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Re: Scientific Literature on Capabilities (was Re: CORS versus Uniform Messaging?)

From: Kenton Varda <kenton@google.com>
Date: Thu, 17 Dec 2009 20:43:53 -0800
Message-ID: <4112ecad0912172043n790d5a61j2dcc5c61c7d4ad61@mail.gmail.com>
To: Ian Hickson <ian@hixie.ch>
Cc: public-webapps <public-webapps@w3.org>
On Thu, Dec 17, 2009 at 5:49 PM, Ian Hickson <ian@hixie.ch> wrote:

> On Thu, 17 Dec 2009, Tyler Close wrote:
> > X-FRAME-OPTIONS: *.example.com
> > Access-Control-Allow-Origin: *
> Why is this better than:
>   Access-Control-Allow-Origin: *.example.com
> ...?

I think Tyler missed on this one.  X-FRAME-OPTIONS looks to me like the same
thing as CORS, except that it doesn't pretend to provide security.

In a capability-based world, when the user accessed your site, you'd send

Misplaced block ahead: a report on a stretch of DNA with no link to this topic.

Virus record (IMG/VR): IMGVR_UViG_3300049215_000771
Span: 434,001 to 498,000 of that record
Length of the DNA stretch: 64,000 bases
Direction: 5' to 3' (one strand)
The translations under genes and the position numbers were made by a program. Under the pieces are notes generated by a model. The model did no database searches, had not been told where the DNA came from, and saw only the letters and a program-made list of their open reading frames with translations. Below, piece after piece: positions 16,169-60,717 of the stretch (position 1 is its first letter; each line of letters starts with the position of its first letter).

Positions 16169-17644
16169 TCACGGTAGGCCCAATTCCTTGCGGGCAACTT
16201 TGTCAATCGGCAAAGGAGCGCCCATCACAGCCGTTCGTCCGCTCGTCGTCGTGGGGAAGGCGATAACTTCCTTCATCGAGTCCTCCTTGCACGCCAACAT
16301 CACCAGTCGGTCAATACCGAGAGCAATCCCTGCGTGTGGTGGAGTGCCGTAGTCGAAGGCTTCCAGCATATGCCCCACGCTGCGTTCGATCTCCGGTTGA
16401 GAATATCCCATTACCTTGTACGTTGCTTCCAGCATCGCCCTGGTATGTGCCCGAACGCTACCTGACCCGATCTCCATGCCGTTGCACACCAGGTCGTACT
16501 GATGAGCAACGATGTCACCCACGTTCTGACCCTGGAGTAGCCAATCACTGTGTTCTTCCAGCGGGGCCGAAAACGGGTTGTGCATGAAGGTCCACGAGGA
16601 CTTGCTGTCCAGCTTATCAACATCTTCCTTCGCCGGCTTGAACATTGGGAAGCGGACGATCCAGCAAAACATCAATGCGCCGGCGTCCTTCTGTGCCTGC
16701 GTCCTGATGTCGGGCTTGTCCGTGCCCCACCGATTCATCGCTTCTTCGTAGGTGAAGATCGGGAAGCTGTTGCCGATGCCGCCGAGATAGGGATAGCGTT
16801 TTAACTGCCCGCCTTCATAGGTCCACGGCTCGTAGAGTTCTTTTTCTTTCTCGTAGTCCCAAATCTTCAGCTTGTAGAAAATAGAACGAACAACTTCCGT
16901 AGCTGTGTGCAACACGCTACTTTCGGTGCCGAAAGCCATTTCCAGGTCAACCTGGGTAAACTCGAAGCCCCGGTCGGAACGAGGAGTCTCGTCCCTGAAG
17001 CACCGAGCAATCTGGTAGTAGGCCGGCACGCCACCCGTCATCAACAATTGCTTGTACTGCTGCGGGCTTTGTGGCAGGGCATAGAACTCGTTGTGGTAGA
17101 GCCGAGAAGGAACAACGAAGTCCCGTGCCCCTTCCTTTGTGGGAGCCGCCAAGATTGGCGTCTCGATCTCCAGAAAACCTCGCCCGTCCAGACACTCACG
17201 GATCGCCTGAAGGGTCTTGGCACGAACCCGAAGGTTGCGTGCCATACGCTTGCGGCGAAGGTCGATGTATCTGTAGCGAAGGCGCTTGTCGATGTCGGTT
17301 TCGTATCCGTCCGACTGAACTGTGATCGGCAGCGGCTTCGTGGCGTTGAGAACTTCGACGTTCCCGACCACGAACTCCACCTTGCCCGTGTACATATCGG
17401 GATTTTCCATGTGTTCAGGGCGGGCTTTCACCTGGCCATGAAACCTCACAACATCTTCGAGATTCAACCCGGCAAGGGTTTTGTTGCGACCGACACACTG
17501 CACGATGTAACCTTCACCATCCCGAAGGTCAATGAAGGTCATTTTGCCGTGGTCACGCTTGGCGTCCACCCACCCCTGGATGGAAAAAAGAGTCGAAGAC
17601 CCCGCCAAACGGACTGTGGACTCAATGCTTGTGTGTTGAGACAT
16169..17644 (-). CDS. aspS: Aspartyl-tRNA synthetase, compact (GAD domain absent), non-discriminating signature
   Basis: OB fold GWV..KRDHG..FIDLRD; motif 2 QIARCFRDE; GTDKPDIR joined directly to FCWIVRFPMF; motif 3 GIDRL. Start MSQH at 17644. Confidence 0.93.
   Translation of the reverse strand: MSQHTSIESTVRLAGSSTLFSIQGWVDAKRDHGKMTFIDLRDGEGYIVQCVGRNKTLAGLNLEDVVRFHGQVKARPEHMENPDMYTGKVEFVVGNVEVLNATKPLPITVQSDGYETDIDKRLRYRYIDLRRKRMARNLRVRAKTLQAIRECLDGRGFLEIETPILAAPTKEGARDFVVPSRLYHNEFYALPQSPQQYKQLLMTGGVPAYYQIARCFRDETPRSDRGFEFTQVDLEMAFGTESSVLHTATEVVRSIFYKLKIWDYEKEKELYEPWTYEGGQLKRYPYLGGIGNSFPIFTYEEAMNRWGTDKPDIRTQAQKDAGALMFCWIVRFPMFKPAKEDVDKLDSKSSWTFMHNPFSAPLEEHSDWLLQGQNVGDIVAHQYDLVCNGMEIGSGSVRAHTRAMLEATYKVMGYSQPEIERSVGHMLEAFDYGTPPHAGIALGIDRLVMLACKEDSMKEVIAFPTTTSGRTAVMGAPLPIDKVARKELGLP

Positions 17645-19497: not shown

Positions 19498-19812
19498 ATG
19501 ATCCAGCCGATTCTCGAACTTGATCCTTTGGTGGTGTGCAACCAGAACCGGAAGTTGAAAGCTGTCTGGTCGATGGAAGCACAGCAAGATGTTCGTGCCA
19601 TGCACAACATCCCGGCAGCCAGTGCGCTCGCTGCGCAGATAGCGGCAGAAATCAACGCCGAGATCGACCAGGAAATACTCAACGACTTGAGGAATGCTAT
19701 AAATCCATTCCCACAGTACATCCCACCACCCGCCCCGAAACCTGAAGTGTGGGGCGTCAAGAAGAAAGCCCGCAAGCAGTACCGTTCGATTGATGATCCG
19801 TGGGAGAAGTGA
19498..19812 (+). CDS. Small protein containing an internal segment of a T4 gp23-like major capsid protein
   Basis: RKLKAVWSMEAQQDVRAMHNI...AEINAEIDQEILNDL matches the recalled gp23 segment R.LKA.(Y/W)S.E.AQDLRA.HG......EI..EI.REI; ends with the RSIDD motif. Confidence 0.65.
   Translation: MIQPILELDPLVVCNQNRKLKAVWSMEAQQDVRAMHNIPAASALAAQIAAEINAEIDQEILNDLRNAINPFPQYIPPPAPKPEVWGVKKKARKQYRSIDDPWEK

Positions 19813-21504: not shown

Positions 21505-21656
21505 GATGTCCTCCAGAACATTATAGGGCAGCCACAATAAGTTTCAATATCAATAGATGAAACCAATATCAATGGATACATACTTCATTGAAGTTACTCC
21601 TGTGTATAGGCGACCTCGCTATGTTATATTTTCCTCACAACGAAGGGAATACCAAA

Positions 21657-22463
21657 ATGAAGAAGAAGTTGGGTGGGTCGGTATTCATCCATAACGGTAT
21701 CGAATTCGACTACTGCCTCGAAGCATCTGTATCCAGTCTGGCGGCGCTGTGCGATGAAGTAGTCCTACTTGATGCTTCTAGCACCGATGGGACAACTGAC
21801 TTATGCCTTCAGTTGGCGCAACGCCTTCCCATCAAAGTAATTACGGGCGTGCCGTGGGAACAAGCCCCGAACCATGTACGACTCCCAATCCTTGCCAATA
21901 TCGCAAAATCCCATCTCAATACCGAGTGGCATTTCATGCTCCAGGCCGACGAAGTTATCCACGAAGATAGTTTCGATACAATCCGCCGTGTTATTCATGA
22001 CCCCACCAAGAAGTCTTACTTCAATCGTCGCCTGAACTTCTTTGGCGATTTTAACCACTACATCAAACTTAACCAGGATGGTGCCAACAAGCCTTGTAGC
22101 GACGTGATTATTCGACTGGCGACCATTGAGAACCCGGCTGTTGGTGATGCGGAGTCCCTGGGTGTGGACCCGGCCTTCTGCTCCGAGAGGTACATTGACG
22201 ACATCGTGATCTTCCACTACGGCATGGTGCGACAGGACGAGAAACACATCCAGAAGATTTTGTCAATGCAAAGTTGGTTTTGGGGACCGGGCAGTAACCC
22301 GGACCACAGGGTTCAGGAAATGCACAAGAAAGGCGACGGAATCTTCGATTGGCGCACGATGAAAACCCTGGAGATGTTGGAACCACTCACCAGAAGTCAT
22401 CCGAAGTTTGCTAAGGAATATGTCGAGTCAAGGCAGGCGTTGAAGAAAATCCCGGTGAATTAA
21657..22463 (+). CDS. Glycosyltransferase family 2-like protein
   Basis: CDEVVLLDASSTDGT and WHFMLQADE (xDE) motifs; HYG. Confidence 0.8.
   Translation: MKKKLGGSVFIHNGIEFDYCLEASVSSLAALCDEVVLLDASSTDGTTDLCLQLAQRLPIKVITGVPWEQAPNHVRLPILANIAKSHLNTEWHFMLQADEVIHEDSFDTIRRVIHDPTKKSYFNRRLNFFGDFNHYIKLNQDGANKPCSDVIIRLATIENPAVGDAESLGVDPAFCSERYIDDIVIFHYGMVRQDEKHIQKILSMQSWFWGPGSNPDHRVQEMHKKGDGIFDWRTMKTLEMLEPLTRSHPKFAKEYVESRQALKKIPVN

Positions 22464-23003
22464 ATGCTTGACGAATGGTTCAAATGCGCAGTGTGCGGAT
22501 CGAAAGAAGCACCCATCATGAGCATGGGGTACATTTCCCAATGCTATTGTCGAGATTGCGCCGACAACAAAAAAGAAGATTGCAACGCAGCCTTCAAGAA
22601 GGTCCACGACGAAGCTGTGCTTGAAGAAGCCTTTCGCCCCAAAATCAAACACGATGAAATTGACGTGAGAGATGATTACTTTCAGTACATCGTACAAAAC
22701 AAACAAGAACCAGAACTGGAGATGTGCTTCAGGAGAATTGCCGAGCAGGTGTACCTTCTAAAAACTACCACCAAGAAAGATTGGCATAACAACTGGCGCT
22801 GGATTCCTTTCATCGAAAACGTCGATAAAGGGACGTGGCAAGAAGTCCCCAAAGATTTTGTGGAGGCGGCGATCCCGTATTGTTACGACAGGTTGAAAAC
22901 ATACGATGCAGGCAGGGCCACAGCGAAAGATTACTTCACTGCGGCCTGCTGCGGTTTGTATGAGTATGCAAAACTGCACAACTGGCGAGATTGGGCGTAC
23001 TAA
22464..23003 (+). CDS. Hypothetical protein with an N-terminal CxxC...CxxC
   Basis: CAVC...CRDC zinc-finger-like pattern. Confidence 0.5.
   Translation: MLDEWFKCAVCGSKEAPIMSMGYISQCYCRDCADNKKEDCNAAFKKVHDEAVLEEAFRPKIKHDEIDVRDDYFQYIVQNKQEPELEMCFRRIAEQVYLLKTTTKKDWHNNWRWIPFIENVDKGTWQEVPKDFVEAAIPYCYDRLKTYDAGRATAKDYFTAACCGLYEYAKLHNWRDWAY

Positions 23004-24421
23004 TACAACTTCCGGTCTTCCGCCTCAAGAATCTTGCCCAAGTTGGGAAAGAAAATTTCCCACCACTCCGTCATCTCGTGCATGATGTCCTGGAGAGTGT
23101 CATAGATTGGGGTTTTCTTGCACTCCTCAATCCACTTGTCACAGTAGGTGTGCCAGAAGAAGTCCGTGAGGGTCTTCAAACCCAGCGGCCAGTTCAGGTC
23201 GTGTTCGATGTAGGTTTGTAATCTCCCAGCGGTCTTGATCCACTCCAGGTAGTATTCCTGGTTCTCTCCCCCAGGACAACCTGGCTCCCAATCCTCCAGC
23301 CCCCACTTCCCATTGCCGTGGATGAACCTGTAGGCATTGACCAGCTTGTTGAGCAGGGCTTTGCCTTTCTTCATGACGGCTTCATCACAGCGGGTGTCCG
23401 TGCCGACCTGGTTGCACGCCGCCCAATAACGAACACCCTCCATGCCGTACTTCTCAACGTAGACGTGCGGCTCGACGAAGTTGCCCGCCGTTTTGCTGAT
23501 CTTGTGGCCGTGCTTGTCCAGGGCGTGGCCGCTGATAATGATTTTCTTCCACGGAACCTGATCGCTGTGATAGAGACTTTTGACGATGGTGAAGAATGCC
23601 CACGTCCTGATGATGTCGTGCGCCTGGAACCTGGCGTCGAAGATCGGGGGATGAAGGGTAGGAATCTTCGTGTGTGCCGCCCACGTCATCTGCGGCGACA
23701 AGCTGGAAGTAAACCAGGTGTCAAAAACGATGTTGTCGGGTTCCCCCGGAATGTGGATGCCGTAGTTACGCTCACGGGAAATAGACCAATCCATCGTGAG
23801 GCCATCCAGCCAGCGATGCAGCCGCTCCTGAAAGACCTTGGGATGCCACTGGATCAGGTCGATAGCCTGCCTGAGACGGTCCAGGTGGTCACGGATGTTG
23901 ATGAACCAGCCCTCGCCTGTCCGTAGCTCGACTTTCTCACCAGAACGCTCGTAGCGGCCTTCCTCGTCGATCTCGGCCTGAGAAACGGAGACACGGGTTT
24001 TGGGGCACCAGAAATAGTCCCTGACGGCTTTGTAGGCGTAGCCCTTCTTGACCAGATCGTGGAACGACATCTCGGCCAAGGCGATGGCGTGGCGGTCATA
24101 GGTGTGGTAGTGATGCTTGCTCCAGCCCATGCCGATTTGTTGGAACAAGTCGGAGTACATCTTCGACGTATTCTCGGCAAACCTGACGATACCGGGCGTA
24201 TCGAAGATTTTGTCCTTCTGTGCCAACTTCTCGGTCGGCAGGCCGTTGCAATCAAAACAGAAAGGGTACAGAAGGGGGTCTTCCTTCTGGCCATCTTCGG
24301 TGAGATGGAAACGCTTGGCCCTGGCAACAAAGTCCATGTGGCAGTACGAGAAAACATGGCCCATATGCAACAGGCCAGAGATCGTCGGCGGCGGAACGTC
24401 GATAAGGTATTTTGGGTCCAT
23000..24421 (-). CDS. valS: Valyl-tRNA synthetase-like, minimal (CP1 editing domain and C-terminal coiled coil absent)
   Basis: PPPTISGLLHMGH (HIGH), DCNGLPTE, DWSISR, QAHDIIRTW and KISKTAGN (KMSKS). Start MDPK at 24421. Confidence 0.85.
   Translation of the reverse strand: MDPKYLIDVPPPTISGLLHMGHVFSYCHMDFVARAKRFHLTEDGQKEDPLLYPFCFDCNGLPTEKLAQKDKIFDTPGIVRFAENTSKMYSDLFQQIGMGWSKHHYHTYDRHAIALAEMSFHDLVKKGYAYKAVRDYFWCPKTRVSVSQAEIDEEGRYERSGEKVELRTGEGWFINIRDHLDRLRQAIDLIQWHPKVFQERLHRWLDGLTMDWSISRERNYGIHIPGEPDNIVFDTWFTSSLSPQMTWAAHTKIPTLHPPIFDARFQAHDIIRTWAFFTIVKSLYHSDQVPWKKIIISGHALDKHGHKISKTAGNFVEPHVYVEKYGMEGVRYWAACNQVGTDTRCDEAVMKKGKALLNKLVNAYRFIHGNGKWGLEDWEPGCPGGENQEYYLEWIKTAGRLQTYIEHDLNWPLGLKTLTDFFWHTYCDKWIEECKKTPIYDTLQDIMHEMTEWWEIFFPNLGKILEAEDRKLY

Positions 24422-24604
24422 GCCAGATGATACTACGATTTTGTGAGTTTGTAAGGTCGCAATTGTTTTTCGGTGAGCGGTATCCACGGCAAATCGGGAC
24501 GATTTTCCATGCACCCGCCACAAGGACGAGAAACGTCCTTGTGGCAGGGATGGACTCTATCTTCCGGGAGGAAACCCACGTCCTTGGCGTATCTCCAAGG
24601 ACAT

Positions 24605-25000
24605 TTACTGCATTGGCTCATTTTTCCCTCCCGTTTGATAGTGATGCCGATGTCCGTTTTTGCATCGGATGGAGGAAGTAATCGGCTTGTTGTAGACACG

back the HTML together with a set of capabilities to access other resources
on the site.  These capabilities would expire after some period of time.
 Want to allow one particular other site to use your resources as well?
 Then give them the capability to generate capabilities to your resources --
e.g. by giving them a secret key which they can hash together with the
current time.

I know, your response is:  "That's way more complicated than my one-line
.htaccess change!"

But your one-line .htaccess change is leveraging a great deal of
infrastructure already built around that model.  With the right
capability-based infrastructure, the capability-based solution would be
trivial too.  We don't have this infrastructure.  This is a valid concern.
 Unfortunately, few people are working to build this infrastructure because
most people would rather focus on the established model, simply because it
is established.  So we have a chicken-and-egg problem.

You probably also question the effect of my solution on caching, or other
technical issues like that.  I could explain how I'd deal with them, but
then you'd find finer details to complain about, and so on.  I'm not sure